Although my blog may leave the impression that nothing is sacred (poop seems to come up more often than it should), one topic I have purposely dodged lately is weight loss. Suffice it to say that I continue to fight the good fight, though I seem to lose more rounds than I win. Speaking of losing, may I share a pet peeve with you? It's the word itself. No one seems to know the difference between lose and loose. If you visit some of the message boards on the Weight Watchers site, everyone is crowing about how much weight they want to loose. These are the same people who bust out with, "I need advise!" Or even, "I should of . . . " Oh, it maketh me weep. I don't mean to be a language snob but criminy!
I haven't discussed my weight battle recently because, well, after a while the whole thing gets a tad embarrassing. I should've slain this demon a long time ago, right? Alas, no. I may stab it, tie it up, and throw it under my bed, but it lives on. It comes to me in quiet moments and says, "Hey, you remember that there are Girl Scout cookies in the pantry, right?" I ignore the demon but then it sidles up to me and hisses in my ear, "Don't forget - they're thinnnn minnnnntsssss!" I can eat an entire sleeve of the Girl Scout thin mints in one sitting. I have a male co-worker who has been trying to gain five pounds for all the years I've known him. I can accomplish this feat in a single weekend.
At the moment, and it is truly the briefest of moments, I am at my goal weight. Maintaining it is the hardest part of all (significantly more difficult than losing the weight in the first place). I should confess that when I selected my goal weight as part of the Weight Watchers program, I chose the highest possible weight in the range for my height, minus one pound. I've known this body for a while now (I'm an old, old, old, old, old lady, after all) and it's told me flat-out that it does not intend to be 120 pounds. If I were a sixth-grader or had lost my legs in a tragic accident - then maybe.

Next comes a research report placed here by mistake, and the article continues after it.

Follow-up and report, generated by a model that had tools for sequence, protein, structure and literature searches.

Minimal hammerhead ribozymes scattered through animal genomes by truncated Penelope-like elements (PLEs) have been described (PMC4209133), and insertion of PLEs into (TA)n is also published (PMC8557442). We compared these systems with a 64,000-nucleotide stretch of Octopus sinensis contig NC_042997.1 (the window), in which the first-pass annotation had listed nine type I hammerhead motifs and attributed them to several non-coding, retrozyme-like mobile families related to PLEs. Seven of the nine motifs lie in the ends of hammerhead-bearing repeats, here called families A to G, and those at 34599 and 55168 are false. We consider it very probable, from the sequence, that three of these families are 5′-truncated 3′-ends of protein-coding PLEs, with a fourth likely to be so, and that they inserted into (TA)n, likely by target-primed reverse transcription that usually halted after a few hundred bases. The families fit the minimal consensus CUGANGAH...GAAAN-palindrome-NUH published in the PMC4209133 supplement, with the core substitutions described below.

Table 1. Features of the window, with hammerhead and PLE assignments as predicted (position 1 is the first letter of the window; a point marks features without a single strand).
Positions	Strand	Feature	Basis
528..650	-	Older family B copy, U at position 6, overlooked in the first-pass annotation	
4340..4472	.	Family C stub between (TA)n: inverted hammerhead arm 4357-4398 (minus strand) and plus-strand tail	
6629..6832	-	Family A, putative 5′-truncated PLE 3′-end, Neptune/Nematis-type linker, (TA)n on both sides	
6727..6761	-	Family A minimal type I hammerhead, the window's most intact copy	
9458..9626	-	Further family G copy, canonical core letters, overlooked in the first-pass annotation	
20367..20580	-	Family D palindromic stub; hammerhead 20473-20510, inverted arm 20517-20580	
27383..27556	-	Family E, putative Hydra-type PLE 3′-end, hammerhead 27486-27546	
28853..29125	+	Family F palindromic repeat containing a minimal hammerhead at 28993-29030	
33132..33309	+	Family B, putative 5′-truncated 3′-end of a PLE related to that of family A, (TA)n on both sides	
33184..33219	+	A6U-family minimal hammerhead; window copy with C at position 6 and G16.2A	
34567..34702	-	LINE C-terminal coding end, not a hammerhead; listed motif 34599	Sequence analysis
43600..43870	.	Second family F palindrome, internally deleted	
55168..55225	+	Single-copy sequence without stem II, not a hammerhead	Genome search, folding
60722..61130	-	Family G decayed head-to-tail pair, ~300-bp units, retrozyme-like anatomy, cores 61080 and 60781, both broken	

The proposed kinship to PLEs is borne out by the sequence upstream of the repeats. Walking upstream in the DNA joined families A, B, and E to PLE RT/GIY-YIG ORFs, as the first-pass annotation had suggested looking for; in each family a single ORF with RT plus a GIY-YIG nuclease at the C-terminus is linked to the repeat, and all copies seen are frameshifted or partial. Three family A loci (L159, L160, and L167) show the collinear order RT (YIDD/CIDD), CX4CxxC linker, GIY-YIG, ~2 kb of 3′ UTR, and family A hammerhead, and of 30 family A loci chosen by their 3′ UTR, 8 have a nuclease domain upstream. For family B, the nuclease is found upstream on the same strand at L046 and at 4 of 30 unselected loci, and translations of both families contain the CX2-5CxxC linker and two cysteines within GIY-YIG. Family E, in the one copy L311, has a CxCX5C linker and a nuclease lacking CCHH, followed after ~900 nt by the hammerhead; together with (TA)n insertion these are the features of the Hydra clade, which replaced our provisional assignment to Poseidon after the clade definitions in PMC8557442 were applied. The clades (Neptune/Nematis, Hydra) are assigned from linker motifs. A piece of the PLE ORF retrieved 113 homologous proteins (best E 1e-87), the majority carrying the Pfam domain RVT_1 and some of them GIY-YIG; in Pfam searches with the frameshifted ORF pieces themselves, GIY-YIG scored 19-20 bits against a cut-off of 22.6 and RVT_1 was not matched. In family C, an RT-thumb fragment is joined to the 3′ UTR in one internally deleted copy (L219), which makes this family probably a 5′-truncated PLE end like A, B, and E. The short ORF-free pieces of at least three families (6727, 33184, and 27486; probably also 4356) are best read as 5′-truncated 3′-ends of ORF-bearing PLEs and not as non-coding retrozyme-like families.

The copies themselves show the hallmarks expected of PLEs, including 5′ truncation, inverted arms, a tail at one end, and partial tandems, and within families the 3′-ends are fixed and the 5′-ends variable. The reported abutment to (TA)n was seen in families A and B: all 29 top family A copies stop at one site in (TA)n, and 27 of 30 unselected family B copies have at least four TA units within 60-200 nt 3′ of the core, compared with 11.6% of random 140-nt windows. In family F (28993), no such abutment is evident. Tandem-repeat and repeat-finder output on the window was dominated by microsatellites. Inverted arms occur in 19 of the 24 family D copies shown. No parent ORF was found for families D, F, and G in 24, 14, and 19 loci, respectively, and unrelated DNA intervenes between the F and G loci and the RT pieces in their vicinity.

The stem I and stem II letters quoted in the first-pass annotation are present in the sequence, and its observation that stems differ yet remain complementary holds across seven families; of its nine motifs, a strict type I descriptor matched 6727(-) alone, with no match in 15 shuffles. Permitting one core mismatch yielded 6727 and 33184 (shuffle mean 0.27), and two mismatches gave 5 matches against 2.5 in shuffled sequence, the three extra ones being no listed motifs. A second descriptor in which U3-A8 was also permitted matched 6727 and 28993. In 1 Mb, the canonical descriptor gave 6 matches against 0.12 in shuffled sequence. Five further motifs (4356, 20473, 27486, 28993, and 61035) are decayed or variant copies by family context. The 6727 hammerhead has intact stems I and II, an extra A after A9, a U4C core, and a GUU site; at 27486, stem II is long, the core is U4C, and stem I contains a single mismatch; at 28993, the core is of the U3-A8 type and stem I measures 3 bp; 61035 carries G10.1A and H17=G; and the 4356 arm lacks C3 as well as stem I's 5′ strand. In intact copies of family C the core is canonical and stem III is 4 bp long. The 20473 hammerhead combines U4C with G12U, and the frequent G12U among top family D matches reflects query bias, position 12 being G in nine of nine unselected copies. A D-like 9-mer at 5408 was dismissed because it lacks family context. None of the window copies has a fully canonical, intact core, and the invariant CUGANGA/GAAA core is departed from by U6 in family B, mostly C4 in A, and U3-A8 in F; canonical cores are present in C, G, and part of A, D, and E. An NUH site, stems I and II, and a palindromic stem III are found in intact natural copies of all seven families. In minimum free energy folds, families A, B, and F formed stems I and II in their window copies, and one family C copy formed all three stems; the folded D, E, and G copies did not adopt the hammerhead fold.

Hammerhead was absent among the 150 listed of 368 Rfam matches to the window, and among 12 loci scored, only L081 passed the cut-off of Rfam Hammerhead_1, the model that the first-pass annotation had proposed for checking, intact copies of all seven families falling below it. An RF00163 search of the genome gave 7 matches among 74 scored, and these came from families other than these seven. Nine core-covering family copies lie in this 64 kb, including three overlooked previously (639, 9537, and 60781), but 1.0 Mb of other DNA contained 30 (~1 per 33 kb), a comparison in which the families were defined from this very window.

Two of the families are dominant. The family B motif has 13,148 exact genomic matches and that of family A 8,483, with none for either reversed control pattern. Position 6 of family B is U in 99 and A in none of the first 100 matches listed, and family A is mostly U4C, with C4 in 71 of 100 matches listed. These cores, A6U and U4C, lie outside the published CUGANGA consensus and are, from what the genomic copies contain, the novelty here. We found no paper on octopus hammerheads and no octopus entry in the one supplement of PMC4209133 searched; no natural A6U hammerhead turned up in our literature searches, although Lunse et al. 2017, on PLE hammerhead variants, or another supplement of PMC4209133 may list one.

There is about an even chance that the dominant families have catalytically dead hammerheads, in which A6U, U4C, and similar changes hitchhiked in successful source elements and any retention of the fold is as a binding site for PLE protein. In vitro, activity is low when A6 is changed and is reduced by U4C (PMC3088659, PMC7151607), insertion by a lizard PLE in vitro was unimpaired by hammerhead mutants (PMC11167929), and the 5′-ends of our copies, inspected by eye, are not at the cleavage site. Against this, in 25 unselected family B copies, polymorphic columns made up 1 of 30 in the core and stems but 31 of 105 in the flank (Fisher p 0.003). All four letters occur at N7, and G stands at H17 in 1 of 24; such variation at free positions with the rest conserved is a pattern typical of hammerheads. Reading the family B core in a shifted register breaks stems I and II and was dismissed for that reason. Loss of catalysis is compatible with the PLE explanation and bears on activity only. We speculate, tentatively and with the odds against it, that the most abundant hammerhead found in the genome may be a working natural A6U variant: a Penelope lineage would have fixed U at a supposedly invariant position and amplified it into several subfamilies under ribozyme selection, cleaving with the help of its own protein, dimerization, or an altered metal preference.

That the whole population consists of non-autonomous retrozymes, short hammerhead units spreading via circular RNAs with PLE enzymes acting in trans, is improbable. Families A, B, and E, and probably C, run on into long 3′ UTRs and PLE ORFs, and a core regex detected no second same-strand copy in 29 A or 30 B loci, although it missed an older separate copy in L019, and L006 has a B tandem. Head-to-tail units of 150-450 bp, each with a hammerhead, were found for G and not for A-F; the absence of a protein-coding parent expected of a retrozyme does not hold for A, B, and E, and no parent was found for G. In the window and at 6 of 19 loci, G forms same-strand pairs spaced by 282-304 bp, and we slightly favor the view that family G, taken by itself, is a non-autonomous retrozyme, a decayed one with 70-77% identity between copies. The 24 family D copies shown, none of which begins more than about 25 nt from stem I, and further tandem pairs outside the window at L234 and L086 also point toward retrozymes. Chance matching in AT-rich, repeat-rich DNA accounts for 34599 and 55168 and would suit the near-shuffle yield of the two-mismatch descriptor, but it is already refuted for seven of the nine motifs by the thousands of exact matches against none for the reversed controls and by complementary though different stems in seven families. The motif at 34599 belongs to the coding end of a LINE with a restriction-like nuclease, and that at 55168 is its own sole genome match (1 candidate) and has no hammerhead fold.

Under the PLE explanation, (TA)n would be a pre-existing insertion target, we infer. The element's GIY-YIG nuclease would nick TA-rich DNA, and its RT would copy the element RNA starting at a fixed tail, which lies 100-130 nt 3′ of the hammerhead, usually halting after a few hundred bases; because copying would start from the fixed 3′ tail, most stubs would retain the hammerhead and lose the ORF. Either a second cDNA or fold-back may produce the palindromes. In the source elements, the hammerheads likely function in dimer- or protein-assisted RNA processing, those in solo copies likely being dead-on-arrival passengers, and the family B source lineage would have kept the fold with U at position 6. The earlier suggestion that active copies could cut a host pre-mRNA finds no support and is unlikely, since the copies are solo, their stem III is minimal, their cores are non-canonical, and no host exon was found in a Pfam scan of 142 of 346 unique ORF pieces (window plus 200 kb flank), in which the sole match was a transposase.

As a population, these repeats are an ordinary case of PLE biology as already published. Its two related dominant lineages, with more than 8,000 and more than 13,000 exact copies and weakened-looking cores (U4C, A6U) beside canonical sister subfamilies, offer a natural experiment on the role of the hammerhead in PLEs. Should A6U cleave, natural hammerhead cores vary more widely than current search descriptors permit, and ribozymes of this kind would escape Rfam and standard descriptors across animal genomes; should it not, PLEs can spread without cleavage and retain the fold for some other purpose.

I wish I could travel back in time and pull myself aside at my wedding. No one ever gets back to their pre-wedding fighting weight, but I would at least warn myself not to let things get too out of hand. Or at least not to allow the denial to last quite so long if they did.
I have struggled with my weight for much of my adult life, but it got the better of me in the early years after P and I got married. My weight gain essentially followed a path through four miscarriages (from 1999 through 2003). With each loss, I cared just a little bit less about myself and this stupid, defective package that I came in. Brownies couldn't replace my babies, but it sure seemed worth a try.
By 2004, I was almost resigned to the idea that I would not be a mom. My mother said to me, "Claudia, you have to find a way to make it happen. You just have to find a way." I think I really needed that little nudge. My husband wanted children but isn't really the proactive type. He's more the "que sera sera" type. A close friend of mine became pregnant that summer and somehow, envisioning her as a mom helped me to formulate a vision like that for myself. I scheduled a meeting with a social worker at an adoption agency very soon thereafter.
I am not in any position to give weight loss advice, but I will say this. If you have a friend or family member who is overweight . . . whatever you do, do not take them aside and tell them that you are concerned about it. I know that may seem counter-intuitive, but trust me on this one. My husband was very wise not to say a word. If he had, I would not have changed my eating habits. I simply would have gone to greater lengths to hide them. For anyone who is overweight (and unhappy because of it), they must simply come to their own moment where they want change and are willing to work for it. I had my moment in July of 2005, when I saw some photos of myself with my beautiful new baby girl. I just couldn't deny it anymore. There I was with my elasticized waistband and my doughy appendages. I joined Weight Watchers in September of that year and have attended the meetings ever since. I currently weigh 67 pounds less than what I weighed that summer. I have been as much as 70 pounds under my starting weight, and as little as 50 pounds under.
My daughter was obviously a catalyst for my directional shift. I have often told my friends that I know I will be doing lots of things to embarrass A as she grows up, and I didn't want my weight to be one of those things. Singing in front of her friends, sitting behind her at the movie theater when she is on a date . . . ah, I can hardly wait.